Earlier this summer the Food System Impact Valuation Initiative of the University of Oxford published a report, “Valuing the Impact of Food,” digging into the questions: Who is really paying for the food we eat? What is the true value of our global food systems? How can we link activities in the food sector to impact? How can we measure the economic costs of those impacts? Several WBCSD member companies and WBCSD’s True Value of Food team supported this project, with the aim of driving toward a consistent approach to monetizing the societal impacts of food.
Understanding the global footprint of the food system
The global footprint of food is huge – 30% of CO2-equivalent emissions; 70% of water use, and over 50% of synthetic nitrogen production and phosphorous use are a result of growing food. Meanwhile, 66% of the 740 million people living in extreme poverty globally are agricultural workers – with 60% of all child labour, as classified by the International labour Organisation (ILO), in agriculture. And while significant advances in nutrition have been achieved over the last decades, 33% of adults are obese while 12% of the global population is hungry and undernourished. Extensive environmental, human and social impacts are linked to this footprint.1 The direct cost of those impacts have been equated in present value to 11% of annual global GDP.2 Looking across the system, once costs and benefits of impacts in the whole economy are taken into account, the gain to GDP over the long run from a food system with a much lower global footprint has been estimated at around 1%.3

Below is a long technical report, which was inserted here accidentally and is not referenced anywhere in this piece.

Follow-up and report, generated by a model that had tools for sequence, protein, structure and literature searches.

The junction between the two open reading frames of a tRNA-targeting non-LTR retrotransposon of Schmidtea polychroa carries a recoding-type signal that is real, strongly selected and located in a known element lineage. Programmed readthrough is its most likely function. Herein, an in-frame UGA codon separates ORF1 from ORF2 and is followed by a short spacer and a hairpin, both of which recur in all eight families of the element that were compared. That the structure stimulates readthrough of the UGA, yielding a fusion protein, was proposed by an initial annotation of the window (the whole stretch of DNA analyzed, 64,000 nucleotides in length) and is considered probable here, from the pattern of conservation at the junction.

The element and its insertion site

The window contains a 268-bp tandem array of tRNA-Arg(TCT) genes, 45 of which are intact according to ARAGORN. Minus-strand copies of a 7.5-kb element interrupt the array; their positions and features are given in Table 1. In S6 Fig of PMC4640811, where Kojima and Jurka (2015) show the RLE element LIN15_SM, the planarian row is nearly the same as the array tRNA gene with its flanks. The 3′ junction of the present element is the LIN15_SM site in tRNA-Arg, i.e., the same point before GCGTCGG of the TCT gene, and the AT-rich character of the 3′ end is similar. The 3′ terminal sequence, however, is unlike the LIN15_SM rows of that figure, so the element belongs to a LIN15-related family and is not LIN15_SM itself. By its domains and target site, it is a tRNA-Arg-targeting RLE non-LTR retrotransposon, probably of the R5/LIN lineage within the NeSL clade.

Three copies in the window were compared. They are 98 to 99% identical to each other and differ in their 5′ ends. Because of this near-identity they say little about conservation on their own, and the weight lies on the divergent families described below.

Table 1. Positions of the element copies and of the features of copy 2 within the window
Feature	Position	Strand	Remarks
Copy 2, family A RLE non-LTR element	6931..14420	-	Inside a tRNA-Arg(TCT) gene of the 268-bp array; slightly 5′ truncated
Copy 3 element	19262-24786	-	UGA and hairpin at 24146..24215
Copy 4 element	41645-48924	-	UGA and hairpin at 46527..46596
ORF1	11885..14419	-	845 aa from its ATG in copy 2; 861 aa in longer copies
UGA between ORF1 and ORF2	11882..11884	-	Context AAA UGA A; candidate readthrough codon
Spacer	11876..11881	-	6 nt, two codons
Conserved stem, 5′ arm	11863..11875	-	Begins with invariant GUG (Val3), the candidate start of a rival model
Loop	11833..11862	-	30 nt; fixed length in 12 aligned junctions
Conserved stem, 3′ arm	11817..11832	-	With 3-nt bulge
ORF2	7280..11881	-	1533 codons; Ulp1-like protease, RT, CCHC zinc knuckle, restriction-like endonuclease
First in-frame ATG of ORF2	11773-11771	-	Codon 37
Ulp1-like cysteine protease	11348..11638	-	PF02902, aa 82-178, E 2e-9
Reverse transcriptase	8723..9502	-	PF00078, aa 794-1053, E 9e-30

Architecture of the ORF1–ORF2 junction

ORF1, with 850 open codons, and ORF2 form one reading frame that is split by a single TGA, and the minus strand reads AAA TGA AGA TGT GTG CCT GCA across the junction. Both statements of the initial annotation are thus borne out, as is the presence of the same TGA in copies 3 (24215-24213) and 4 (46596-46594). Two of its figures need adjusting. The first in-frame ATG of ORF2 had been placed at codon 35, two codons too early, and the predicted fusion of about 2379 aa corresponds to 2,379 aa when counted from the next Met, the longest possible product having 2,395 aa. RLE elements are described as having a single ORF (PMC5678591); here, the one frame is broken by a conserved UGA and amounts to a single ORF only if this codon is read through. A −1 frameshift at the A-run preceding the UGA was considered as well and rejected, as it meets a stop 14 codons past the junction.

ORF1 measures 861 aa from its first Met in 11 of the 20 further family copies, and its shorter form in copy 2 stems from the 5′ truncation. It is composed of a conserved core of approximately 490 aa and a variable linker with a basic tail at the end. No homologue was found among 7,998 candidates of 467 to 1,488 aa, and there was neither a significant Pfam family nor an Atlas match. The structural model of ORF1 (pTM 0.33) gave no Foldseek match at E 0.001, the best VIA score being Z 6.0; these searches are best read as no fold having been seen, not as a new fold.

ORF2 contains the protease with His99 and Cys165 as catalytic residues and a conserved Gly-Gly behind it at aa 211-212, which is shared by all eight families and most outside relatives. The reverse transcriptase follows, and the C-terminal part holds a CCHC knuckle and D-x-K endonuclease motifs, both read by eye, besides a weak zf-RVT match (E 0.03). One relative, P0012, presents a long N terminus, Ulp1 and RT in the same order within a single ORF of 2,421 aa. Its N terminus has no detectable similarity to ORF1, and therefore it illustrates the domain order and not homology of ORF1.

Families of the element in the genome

How food system costs compare to the economic toll of COVID-19
To put the costs of this footprint in context, COVID-19 is estimated by the International Monetary Fund to deflate the global economy in 2020 by 5% with a 5.4% recovery in 2021; this is likely to average out over 5 years to a 1% annual depression of global GDP compared to pre-COVID-19 projections. If we do not transform the food system then the social, human and environment costs of continuing the status quo would depress the global economy on the same scale, on average, over decades.
A mid- to long-term average 1% boost to annual global GDP growth from a transformed food system may sound like a dry statistic. This change in GDP, however, represents a tremendous change in human and social welfare for developed and developing nations and a very different global future. We can imagine today a system where all children are well nourished, food is produced equitably and sustainably, and people thrive into old ages as the incidence of chronic disease plummets. Healthy people living on a healthy planet are critical to generating healthy economies.
Why it matters to value the impacts of food
The impacts of the food system result from predominately private activity in the production, manufacturing, and consumption of food. Of these impacts, the only one that has a developed accounting methodology is carbon, which formalizes an economic quantity (CO2-equivalent emissions) and links business and individual activity to climate impacts. For the other impacts of the food sector, we lack standardized economic quantities and methodologies.
The “Valuing the Impact of Food” report is a technical examination of food impact costing and considers whether carbon accounting methodologies can be applied to food production, manufacturing, and consumption. In particular, the report explores how the treatment of social and abatement costs (i.e. the costs of reducing environmental and social negatives) in carbon accounting methodologies can be used to estimate the longer-term and externalized costs of the food system. It makes the following broader points: